Haryana Farmers Demand Higher Compensation for Land Acquired for Road Project

Reported by

Meenakshi KapoorLand Conflict Watch

Last updated on

March 19, 2020

Location of Conflict



Jhinjoli, Halalpur, Nahara, Garhi, Bala, Mohammadabad, Bindroli


Reason or Cause of Conflict




People Affected by Conflict

Land Area Affected (in Hectares)







In March 2019, the National Highways Authority of India (NHAI) floated a tender for the development of Urban Extension Road II (NH-344 M) between Bawana Industrial Area Delhi and the bypass of NH-352 A at Barwasni in Sonipat district. The total land to be acquired** for the proposed project is 234.45 hectares, of which 57.23 hectares is government land and 177.22 hectares is private land, as mentioned in the Terms of Reference (ToR). Approximately 15 hectares of forestland would be diverted for the project. The NHAI is yet to apply for forest clearance. Soon after the NHAI floated the tender, farmers from 12 villages in Sonipat district who would lose their land filed a memorandum with Bhiwani Deputy Commissioner Anshaj Singh, as reported in The Hindu. In the memorandum, the farmers requested that a committee be constituted to decide the market value of their land, as mandated by the National Highways Act of 1956. They claim no action was taken on their plea. The farmers also demand that the acquisition should happen as per the provisions of the Right to Fair Compensation and Transparency in Land Acquisition, Rehabilitation and Resettlement (LARR) Act, 2013, instead of the National Highways Act, 1956, as the LARR Act makes them eligible for higher compensation. In May 2019, the NHAI applied to the Ministry of Environment, Forest and Climate Change for grant of the ToR under the Environment Impact Assessment Notification, 2006, for the project. The ministry issued the ToR in July. Since then, the affected farmers have been holding a sit-in protest in Mandora. They claim that the current collector rate (minimum price of land per square feet as decided by the revenue department) **of INR 25 lakh per acre is not consistent with the market value of the land. (collector rates are not revised frequently enough to match the market rates). The farmers demanded that the compensation should be increased to INR 1.25 crore per acre. On February 9, Land Conflict Watch wrote to Virender Sambyal, deputy general manager at the Project Implementation Unit of NHAI in Rohtak, to get an update on the status of the project but did not get any response.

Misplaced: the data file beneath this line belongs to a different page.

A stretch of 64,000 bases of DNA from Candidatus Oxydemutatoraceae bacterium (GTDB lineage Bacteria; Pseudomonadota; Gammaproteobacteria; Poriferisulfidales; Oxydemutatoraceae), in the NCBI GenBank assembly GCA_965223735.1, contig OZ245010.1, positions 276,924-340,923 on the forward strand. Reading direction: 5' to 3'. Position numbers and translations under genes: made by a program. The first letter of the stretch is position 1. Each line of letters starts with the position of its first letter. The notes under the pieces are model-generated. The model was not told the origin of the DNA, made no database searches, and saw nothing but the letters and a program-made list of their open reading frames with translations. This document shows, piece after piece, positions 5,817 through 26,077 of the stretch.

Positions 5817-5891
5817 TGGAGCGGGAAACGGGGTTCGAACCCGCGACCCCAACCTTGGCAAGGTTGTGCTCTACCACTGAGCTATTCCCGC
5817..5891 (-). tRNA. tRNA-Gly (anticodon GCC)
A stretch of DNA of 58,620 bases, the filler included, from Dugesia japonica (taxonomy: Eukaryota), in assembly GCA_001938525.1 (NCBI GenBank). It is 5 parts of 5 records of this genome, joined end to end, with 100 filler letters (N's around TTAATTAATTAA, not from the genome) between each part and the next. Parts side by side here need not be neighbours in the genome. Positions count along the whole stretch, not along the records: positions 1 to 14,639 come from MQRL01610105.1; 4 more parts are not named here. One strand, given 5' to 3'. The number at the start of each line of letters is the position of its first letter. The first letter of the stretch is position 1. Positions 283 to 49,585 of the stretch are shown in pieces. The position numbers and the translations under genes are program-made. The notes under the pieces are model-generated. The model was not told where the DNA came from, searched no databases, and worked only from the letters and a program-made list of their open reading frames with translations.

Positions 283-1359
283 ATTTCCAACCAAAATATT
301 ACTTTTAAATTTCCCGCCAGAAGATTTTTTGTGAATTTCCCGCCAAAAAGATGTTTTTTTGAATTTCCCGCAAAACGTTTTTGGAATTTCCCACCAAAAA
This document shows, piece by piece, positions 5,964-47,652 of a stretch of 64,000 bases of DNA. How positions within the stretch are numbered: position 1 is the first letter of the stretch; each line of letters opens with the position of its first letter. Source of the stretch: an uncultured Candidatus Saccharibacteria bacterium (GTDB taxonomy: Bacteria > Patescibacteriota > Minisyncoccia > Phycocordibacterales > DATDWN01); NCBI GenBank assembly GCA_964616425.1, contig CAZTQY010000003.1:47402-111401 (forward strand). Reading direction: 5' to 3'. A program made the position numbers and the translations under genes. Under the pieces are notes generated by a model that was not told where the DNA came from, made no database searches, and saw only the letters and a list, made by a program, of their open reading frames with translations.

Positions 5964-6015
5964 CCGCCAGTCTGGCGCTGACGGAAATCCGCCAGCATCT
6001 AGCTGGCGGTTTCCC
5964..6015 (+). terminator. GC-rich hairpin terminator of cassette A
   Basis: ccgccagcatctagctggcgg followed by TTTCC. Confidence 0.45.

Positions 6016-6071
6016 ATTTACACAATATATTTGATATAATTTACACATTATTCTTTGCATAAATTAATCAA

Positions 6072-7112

Region Classification


Type of Land


Private and Common

Type of Common Land


Total investment involved (in Crores):


Type of investment:

Cost of Project

Land Area Affected
(in Hectares):



Starting Year


Demand/Contention of the Affected Community

Higher compensation

Government Bodies Involved in the Conflict:

National Highways Authority of India (NHAI)

Corporate Parties Involved in the Conflict:

Other Parties Involved in the Conflict:

Has the Conflict Ended?


When did it end?

Why did the conflict end?

Resources Related to Conflict

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